Juan Maldacena, Carl P. Feinberg Professor in the School of Natural Sciences, has been named the 2018 recipient of the Richard E. Prange Prize and Lectureship in Condensed Matter Theory and Related Areas.
The prize recognizes Maldacena’s 1997 theoretical discovery of a deep connection between gauge theories, which describe the world of particle physics at the microscopic scale, and quantum gravity, which describes the physics of gravitational forces holding the universe together. Known as AdS/CFT duality, it is one of the most actively studied topics in theoretical physics with more than 10,000 citations, making it among the most-cited papers in all of science over the last two decades.
Maldacena’s Prange Prize lecture "Black Holes and the Structure of Spacetime” will be given at 4:00 p.m. on Tuesday, October 2, at the University of Maryland and is open to the public. He will also present a Condensed Matter Theory Center/Joint Quantum Institute seminar “Wormholes and Entangled States” on Monday, October 1.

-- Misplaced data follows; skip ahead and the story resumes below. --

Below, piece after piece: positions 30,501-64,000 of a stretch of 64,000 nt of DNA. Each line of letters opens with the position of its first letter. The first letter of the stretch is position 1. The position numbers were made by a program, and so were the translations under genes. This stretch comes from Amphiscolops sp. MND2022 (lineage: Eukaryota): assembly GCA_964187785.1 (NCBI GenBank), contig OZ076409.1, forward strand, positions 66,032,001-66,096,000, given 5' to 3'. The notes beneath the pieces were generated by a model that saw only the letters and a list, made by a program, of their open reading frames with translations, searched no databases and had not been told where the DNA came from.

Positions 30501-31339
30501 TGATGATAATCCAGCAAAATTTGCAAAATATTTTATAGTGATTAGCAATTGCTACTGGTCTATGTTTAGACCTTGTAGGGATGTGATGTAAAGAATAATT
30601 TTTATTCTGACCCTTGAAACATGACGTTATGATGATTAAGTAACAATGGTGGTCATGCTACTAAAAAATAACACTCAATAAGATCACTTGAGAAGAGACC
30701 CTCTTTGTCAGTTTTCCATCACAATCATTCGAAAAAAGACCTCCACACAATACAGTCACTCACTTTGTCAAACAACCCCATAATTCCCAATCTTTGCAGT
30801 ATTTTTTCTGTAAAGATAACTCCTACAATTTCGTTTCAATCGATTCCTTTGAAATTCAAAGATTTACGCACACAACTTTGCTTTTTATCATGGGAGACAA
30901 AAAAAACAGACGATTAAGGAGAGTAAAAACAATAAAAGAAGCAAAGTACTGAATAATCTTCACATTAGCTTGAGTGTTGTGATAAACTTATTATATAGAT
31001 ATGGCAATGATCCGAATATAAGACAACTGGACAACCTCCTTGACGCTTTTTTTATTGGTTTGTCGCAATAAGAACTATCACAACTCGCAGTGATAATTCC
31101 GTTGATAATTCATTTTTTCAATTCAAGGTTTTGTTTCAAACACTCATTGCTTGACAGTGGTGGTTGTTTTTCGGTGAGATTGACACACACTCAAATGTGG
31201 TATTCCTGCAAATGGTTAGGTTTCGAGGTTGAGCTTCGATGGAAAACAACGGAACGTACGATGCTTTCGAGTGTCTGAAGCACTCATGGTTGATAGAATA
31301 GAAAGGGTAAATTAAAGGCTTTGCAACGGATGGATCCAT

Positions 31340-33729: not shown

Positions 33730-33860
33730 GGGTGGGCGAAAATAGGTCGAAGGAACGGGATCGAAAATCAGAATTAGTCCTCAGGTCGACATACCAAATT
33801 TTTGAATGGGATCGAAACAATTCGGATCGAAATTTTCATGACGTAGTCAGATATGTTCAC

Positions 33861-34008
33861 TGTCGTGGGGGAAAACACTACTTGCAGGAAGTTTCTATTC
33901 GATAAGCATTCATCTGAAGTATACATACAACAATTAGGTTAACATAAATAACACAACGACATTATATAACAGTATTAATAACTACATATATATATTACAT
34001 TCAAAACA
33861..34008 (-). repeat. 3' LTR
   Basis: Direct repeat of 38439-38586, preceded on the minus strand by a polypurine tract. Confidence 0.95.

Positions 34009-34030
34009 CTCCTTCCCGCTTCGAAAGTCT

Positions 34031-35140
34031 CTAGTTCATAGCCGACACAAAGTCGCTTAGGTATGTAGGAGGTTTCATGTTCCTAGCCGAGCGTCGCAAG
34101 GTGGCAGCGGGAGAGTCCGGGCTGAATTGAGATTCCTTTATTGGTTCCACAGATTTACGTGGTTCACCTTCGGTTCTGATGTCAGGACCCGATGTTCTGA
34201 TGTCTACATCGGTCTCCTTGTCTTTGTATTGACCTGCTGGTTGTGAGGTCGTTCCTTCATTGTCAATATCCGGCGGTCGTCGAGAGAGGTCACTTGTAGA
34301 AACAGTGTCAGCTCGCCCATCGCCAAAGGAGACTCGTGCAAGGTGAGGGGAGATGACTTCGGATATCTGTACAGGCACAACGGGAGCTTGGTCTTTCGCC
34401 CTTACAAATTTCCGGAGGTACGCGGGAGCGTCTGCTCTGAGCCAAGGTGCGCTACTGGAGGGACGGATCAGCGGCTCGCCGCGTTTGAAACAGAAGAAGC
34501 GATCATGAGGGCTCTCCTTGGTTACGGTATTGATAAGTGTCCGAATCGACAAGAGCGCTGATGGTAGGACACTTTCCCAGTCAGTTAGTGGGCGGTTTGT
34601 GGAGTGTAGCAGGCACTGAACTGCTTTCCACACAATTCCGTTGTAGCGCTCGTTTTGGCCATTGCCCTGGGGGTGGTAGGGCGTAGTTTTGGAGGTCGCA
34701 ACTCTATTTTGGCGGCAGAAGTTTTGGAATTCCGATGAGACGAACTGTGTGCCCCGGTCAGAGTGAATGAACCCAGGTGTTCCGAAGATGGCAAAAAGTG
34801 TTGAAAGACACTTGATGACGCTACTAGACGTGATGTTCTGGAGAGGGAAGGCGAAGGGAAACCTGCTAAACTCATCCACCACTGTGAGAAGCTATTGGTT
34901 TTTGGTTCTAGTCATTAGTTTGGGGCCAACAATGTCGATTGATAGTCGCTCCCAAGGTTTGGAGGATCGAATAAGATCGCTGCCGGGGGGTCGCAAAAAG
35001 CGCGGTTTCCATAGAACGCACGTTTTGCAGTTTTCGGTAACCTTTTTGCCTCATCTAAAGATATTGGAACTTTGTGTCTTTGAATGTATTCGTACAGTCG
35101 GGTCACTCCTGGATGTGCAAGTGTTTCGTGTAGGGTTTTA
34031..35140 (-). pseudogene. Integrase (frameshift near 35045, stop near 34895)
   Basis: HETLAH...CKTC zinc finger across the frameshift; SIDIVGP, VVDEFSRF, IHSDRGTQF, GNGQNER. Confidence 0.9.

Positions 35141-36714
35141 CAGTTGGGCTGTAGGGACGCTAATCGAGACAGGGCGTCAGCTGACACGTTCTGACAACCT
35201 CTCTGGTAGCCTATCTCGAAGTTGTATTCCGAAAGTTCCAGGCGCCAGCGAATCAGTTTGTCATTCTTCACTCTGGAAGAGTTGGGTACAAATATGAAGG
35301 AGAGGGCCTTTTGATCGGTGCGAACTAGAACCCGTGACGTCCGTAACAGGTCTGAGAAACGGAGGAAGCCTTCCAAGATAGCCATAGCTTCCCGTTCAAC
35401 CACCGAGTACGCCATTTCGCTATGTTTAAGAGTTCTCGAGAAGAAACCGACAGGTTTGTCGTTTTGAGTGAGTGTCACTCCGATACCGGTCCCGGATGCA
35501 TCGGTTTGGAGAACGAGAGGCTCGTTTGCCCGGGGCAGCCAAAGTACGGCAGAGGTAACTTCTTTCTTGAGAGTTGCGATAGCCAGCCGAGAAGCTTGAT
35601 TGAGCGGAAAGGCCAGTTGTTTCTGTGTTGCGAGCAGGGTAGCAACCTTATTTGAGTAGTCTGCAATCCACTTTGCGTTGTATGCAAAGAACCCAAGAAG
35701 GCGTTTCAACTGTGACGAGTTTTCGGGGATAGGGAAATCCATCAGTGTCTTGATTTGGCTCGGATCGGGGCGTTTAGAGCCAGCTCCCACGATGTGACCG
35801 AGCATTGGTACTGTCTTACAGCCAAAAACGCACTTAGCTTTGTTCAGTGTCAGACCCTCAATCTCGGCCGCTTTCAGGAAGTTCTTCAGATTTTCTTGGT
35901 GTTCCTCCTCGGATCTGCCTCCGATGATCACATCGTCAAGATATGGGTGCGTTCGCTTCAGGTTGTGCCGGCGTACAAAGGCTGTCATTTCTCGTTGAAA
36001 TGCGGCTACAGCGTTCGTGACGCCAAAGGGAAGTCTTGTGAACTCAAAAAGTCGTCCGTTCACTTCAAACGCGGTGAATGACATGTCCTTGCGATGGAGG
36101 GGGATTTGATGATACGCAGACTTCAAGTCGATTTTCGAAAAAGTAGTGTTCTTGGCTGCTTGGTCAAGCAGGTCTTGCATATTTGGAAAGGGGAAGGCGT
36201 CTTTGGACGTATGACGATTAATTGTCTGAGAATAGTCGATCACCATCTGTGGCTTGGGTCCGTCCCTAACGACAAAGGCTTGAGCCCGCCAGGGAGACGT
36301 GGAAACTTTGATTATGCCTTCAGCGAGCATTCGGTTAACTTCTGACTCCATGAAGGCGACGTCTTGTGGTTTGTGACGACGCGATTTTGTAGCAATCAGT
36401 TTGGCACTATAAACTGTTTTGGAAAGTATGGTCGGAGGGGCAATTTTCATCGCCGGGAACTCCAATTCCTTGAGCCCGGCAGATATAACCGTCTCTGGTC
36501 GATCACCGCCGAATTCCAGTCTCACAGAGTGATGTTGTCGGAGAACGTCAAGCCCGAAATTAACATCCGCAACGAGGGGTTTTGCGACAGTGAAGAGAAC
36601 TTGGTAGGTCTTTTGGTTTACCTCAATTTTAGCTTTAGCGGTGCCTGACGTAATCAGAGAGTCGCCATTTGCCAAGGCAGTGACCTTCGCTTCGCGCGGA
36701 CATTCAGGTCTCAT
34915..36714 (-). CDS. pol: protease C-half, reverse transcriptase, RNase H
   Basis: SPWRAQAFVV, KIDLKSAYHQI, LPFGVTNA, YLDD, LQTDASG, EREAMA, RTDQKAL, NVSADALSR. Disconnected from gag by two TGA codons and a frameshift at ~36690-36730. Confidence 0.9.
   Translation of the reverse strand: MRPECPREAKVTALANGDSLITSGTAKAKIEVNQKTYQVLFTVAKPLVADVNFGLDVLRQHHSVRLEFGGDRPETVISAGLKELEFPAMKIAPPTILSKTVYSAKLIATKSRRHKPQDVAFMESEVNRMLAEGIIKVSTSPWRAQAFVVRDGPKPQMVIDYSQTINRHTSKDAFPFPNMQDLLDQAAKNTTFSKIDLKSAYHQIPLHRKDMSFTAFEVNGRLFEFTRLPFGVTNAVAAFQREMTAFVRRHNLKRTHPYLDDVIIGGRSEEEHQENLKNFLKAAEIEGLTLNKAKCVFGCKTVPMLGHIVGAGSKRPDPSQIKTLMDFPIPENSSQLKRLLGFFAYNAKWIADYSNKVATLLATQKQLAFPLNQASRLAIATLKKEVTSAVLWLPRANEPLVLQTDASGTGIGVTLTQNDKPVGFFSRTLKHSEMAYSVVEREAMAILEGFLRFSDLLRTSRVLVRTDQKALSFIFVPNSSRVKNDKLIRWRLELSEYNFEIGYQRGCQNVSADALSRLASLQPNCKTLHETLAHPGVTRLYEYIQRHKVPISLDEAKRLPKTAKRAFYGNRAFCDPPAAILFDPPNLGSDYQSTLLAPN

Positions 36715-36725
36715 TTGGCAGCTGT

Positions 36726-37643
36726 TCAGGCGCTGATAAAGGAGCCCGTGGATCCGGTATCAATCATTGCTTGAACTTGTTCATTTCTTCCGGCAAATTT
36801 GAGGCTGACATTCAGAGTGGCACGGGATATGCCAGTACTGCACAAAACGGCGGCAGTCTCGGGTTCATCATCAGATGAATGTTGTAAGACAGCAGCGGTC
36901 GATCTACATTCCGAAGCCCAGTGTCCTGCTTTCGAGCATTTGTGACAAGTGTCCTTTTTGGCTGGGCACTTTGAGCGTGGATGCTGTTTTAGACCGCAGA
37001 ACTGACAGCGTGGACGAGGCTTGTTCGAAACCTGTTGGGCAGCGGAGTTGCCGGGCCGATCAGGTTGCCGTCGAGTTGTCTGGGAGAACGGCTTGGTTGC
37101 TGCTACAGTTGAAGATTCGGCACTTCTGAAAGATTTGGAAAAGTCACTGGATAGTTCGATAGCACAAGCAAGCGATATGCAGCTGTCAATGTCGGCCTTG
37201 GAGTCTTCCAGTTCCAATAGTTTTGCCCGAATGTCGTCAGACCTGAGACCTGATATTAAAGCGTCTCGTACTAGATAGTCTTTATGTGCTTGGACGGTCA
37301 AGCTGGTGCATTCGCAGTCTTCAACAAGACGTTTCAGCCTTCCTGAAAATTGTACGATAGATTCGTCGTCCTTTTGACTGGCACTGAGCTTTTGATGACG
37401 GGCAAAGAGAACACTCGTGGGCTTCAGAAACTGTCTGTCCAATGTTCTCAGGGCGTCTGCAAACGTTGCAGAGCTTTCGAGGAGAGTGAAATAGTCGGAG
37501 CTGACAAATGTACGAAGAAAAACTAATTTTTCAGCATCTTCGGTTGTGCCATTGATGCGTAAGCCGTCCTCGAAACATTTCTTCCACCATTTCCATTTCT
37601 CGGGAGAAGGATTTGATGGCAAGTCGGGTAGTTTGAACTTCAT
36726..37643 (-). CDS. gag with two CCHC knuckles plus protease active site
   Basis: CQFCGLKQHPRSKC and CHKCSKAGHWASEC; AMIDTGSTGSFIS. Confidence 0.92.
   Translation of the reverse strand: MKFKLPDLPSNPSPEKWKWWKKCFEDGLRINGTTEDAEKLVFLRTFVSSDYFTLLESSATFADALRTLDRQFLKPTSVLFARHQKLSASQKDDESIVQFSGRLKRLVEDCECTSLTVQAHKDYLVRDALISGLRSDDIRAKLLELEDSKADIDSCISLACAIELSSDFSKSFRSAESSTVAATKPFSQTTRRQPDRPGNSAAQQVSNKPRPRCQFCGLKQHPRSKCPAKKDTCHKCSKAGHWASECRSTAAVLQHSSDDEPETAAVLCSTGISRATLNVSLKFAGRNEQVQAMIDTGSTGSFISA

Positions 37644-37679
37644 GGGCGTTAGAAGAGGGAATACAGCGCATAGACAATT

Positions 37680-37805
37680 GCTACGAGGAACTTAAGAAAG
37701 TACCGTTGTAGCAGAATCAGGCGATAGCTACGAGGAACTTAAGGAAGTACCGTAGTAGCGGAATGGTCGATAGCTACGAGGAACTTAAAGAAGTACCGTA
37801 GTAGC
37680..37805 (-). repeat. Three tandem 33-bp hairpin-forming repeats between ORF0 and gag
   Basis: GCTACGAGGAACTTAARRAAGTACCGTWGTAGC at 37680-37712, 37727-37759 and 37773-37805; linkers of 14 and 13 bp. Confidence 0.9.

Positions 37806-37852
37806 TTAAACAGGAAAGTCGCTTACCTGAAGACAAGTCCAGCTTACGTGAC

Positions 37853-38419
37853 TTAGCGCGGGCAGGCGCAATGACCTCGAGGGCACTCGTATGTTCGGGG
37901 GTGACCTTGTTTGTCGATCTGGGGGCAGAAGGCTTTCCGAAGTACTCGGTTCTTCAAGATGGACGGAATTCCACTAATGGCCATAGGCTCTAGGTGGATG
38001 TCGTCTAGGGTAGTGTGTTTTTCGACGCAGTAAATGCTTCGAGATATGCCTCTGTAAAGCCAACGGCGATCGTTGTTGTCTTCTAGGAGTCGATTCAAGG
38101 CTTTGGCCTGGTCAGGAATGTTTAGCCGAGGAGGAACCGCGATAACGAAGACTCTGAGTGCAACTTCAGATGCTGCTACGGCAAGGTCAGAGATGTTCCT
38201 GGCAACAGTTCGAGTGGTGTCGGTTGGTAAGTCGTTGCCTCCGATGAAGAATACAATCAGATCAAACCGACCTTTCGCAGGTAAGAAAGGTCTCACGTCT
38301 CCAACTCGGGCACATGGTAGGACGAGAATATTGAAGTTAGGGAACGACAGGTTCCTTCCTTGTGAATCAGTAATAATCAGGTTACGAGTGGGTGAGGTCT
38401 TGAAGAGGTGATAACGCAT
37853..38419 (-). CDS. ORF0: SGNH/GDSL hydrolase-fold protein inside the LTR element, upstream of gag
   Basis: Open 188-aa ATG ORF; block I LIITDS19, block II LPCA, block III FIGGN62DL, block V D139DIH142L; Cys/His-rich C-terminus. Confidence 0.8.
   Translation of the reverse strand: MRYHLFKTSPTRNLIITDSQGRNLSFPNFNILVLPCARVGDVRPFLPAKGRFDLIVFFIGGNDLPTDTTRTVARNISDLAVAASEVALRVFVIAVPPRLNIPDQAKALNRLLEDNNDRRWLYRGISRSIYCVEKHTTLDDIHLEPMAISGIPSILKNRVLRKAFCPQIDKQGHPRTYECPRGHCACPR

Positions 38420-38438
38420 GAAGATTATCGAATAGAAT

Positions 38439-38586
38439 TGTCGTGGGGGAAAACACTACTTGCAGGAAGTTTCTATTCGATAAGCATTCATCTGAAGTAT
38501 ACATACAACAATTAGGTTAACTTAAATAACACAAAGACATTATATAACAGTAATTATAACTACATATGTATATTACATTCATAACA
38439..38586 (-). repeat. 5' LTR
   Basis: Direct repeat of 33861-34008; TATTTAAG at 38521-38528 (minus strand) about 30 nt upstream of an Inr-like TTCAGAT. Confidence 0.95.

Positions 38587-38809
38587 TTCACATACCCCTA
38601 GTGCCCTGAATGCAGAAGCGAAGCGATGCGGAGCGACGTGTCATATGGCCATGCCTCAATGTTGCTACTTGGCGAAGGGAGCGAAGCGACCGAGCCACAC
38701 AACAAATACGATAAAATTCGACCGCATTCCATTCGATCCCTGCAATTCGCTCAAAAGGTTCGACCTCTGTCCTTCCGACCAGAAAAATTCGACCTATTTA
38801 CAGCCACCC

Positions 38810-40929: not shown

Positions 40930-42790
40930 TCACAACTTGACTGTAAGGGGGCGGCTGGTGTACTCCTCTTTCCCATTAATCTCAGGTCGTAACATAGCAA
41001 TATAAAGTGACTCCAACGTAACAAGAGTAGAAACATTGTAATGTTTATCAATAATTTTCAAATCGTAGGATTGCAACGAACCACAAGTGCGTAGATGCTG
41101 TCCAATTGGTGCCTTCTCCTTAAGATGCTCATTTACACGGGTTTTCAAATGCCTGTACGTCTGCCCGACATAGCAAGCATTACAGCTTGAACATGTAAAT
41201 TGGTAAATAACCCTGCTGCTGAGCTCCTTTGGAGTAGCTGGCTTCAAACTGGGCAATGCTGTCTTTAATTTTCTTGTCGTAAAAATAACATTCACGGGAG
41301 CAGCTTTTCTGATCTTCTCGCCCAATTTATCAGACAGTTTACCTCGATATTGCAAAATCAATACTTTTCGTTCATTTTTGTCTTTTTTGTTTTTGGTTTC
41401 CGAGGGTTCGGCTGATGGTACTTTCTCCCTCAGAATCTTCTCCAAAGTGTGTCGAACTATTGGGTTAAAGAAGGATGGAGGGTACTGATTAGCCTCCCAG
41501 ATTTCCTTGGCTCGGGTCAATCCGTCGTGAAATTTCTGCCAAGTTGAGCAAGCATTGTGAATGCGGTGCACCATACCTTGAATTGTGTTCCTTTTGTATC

The Prange Prize, established by the UMD Department of Physics and Condensed Matter Theory Center honors the late Professor Richard E. Prange, who was a former Member in the School of Mathematics/Natural Sciences from 1960–61 and went on to a distinguished professorial career at the University of Maryland spanning four decades from 1961–2000, with a focus on exploring condensed matter physics.
Since its initiation in 2009, the Prange Prize has been awarded to former IAS Visitor Walter Kohn, former Member David Gross, and former Professor Frank Wilczek, along with other noted academics, Philip W. Anderson, Daniel Tsui, Andre Geim, and Klaus von Klitzing.